In fact, if it weren’t for a 37 percent drop in tests administered Wednesday over Thursday, considering our inexorably set course towards that mid-April coronavirus peak, Thursday would’ve been a spectacular day.
But before you throw off your shelter-in-place shackles and start hugging random Meijer shoppers, this curve flattening will only continue to work if we continue to work at it. Now is not the time to relax only to watch all these hard-earned gains slip away.
But before we move on to our updated table, from the bottom of my heart, I want to thank all the readers who’ve made a point of thanking me for these reports. First, I really could get used to that kind of thing, and second, it makes it a little easier to face the keyboard every morning.
Please also allow me reiterate that I remain steadfastly baffled by those lost souls who would argue about an application of truly basic arithmetic. All that’s in play here is addition, subtraction, multiplication, and division – that’s it! Since I have no intention of debating the efficacy of seventh grade math, if you feel the uncontrollable urge to go negative or argue with me, please do so on your own thread.
When my generally political posts resume, they’ll be fair game!
So, without further ado, let’s look at our table!
Date T Cases % Increase N Cases N Tests Prevalence Deaths
3/19 422 46.5 134 1 in 14
3/20 585 37 163 1 in 12
3/21 753 29 296 1 in 7
3/22 1,049 39 896 1 in 2
3/23 1,285 28 236 1 in 8
3/24 1,535 22.5 250 1 in 8
3/25 1,855 21.5 320 1 in 6
3/26 2,538 37 683 1 in 6
3/27 3,026 19 488 1 in 8
3/28 3,491 15.4 465 1 in 8
3/29 4,596 31.6 1,105 1 in 4 65
3/30 5,056 10 460 2,684 1 in 6 72
3/31 5,994 18.5 938 4,779 1 in 5 90
4/1 6,980 16.5 986 5,159 1 in 5 141
4/2 7,695 10.2 715 3,272 1 in 4.6 157
Illinois has officially tested 43,656 citizens, and thankfully, our mortality rate – for people who have the disease – stood fast at 2 percent. While that’s a bit of a relief, I’d certainly like to see it turn around and recede.
But best news, once again, is 715 new Illinois coronavirus cases amount to just a 10.2 percentage increase over Wednesday’s number. Even if you take the short-term decline in testing into account, that’s still a very good day.
Yes! The number of Illinois coronavirus cases continues to increase, but the all-important 24-hour percentage increase has plummeted from 46.5 to 10.2. Put more simply, the is spreading at consistently lower rate. Unless there’s some sort of unforeseen change, we’ll dip below double digits sooner rather than later.
The prevalence did slip to 1 in 4.6 yesterday, but the totality of the numbers suggest it’s the result of better targeted testing.
For review purposes, the term “prevalence” is the percentage or ratio of people in a population who’ve contracted the disease. Thus, if we divide 3,272 new tests by 715 new cases, 1 in every 4.6 of those folks tested positive for COVID-19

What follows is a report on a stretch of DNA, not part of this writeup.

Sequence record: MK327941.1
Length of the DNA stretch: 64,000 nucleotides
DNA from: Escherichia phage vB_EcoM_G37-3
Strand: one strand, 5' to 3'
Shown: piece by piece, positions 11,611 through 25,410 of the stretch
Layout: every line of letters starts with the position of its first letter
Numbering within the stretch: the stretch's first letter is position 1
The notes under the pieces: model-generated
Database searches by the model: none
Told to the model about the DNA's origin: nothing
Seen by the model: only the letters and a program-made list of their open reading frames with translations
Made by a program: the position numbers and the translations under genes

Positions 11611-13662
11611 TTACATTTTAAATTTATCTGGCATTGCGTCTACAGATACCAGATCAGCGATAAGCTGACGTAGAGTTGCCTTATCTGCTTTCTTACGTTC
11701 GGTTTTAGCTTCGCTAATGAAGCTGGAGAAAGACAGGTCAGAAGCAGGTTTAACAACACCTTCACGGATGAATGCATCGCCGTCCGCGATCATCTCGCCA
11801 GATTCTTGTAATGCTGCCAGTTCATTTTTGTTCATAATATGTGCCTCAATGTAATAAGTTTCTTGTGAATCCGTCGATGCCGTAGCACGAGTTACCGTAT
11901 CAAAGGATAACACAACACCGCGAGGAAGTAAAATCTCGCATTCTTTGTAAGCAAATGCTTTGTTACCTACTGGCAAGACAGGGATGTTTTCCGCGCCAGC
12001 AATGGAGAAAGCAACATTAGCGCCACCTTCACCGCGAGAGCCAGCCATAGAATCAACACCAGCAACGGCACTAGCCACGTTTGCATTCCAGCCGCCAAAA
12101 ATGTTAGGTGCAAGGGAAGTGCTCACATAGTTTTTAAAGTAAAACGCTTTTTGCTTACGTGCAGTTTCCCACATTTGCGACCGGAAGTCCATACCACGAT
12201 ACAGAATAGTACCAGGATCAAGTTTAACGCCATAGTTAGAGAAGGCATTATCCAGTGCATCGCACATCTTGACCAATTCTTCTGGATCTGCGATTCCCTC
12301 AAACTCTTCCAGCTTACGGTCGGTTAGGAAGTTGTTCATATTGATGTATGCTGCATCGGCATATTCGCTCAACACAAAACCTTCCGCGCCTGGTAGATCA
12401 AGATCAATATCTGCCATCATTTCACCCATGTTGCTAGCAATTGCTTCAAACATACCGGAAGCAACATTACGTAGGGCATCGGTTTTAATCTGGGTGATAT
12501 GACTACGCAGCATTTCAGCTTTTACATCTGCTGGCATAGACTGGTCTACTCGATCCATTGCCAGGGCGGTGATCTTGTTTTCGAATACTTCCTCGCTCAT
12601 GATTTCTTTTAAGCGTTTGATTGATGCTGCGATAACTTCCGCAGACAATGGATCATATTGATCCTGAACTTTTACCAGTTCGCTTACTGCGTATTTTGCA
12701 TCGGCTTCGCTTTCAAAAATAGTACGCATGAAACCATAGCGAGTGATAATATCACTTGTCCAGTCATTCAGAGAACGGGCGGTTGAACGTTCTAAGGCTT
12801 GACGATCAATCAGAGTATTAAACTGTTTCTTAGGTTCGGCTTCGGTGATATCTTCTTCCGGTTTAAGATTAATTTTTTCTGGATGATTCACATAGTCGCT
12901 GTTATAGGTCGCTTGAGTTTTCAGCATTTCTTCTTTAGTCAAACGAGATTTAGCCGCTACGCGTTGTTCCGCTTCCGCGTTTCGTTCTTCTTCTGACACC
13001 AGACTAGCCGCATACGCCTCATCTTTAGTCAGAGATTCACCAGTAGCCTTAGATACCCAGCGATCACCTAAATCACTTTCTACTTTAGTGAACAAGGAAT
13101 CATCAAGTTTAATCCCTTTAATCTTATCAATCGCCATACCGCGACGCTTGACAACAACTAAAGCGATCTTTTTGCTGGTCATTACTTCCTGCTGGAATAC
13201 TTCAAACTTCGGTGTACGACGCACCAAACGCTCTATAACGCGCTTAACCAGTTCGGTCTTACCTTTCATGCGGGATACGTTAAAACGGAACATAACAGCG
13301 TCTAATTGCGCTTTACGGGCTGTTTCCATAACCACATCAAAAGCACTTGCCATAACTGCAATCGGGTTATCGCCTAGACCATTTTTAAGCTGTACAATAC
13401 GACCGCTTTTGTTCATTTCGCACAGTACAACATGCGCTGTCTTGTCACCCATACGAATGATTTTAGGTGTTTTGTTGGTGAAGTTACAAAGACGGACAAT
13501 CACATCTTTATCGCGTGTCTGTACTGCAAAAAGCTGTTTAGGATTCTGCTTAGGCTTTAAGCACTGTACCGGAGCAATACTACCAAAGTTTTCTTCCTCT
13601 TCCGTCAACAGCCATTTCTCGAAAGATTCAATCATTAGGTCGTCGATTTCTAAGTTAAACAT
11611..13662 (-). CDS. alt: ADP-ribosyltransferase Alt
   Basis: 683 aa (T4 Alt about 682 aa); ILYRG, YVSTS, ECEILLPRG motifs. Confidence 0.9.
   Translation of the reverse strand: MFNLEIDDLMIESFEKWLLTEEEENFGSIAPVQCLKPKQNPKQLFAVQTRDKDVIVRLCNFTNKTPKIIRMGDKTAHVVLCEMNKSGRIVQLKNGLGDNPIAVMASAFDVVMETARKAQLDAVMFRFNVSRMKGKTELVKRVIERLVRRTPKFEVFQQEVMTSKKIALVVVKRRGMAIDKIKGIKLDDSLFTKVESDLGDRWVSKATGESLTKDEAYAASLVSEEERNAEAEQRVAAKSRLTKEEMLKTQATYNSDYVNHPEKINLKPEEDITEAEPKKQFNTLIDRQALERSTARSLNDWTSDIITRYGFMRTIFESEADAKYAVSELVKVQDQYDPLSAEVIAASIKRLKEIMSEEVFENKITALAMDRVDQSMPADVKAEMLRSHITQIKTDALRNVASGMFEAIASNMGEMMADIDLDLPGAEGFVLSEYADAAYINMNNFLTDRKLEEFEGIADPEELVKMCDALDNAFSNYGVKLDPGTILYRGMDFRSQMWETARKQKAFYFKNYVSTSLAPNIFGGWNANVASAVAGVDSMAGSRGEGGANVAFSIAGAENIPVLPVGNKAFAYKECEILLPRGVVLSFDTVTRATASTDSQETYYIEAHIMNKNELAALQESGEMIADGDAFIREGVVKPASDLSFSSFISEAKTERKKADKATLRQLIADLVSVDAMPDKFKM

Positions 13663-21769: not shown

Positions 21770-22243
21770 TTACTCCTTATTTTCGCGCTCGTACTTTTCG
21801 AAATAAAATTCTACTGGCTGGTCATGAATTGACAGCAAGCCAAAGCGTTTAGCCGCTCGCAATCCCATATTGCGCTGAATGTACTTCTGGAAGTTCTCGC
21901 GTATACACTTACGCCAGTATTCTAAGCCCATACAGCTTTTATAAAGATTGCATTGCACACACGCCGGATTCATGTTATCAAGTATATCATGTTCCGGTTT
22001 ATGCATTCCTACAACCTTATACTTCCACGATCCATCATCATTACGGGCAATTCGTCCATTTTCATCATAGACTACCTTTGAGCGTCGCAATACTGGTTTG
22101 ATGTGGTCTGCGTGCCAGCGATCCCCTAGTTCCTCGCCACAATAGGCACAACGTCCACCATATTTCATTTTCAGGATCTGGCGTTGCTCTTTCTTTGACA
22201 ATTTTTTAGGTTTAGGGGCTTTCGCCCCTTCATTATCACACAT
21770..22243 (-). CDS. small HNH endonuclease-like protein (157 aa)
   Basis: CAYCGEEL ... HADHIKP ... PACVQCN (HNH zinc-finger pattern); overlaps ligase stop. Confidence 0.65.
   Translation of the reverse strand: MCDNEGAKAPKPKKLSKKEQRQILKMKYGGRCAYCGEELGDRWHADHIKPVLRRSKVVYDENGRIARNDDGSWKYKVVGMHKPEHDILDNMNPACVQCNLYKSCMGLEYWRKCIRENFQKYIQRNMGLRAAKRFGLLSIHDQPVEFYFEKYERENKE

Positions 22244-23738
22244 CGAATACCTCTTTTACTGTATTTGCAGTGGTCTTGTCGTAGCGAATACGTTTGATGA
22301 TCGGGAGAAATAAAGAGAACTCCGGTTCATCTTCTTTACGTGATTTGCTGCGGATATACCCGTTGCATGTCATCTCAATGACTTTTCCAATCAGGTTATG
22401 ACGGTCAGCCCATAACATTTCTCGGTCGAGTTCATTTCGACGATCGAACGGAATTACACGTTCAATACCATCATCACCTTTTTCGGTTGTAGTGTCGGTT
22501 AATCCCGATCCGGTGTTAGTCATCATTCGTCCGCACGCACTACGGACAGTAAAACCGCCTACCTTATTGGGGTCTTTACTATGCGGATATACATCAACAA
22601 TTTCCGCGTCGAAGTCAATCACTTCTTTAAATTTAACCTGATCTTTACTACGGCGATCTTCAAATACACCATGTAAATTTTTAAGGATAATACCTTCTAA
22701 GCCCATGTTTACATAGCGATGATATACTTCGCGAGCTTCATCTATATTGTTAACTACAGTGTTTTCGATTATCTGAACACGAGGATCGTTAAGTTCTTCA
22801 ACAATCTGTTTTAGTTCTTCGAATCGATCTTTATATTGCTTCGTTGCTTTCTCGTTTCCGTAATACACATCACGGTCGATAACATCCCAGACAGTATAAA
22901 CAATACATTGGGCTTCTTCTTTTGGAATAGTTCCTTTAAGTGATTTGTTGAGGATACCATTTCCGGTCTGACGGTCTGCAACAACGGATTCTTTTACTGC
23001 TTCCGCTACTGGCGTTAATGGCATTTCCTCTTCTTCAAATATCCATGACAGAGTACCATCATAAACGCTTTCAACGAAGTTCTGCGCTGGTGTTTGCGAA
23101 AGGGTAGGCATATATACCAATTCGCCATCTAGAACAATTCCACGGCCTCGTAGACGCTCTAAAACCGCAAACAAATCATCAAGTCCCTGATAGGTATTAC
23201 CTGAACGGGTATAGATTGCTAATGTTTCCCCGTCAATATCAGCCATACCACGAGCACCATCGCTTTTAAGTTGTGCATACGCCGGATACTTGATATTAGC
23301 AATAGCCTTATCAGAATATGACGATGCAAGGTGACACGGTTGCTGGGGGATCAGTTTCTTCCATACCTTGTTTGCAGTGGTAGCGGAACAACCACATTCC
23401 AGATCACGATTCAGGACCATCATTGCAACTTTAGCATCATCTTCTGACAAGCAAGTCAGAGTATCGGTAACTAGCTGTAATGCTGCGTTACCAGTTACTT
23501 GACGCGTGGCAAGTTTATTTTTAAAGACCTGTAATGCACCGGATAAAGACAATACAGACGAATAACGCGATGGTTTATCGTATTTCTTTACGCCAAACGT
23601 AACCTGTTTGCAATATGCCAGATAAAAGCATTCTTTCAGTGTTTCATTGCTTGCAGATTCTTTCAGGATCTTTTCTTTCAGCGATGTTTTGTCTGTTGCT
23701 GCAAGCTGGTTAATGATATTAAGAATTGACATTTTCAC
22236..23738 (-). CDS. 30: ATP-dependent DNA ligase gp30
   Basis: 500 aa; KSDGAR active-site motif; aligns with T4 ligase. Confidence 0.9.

Though truth be told, our prevalence ratio is a bit hinky. Different tests at different institutions come back at different rates, so, for now, it’s going to be a lagging indicator. But even an imperfect variable can be important when you apply the same math to it over a statistically significant period of time.
Then I was wrong! Despite my declaration to the contrary, Illinois actually did fall back to eighth place in the state coronavirus rankings yesterday. This is yet another sign that we’re doing something right.
But before we continue, please remember all the amazing gratitude you’ve recently showered upon me as we contemplate a point we briefly touched on yesterday. With an ever increasing amount of medical evidence becoming available, it’s clear that we need to shift our coronavirus fighting paradigm.
Iceland’s widespread testing numbers suggest that 50 percent of coronavirus sufferers have no symptoms. If that’s the case, and I believe it is, then the virus isn’t nearly as deadly as we once thought it was. Remember! We’re not talking about mild cases, these people are wholly asymptomatic. I know that’s small solace to anyone who’s lost a loved one, but the best public policy is always based on fact and not emotion.
In addition to that revelation, we now know that 99 percent of coronavirus casualties in Italy and New York had some sort of serious preexisting condition, and the vast majority of those deaths – 87 percent in Italy – consist of people 70 or older.
So, with a much lower than expected mortality rate and a much clearer understanding of who needs to be protected, once we get past the April 15 eye of the COVID-19 hurricane, it would behoove our elected officials to change course by protecting the most vulnerable as we continue to beef up our health care system’s capacity to cope with the disease.
That includes doing everything we can to protect our front line medical workers.
My biggest fear has been this sustained global shutdown will unleash the kind of economic havoc that almost inevitably leads to the rise of fascism. As the New York Times wrote a couple of weeks ago, it would be beyond foolish to allow the cure to become worse than the disease.
But what I’m suggesting will only work if our policy makers are unanimously on board and the reopening of the country takes place in an orderly, cautious, and well-planned manner.
Of all the COVID-19 topics we’ve tackled, this is my first and likely only opinion on this pandemic. Please be gentle with me, but do feel free to debate that contention to your heart’s content!
But back to the statistical issue at hand! The numbers are the numbers, and every day the downward percentage trend remains intact, the probability is it will continue to remain intact. And that’s nothing more than basic math.
With that in mind, let’s keep up the good work!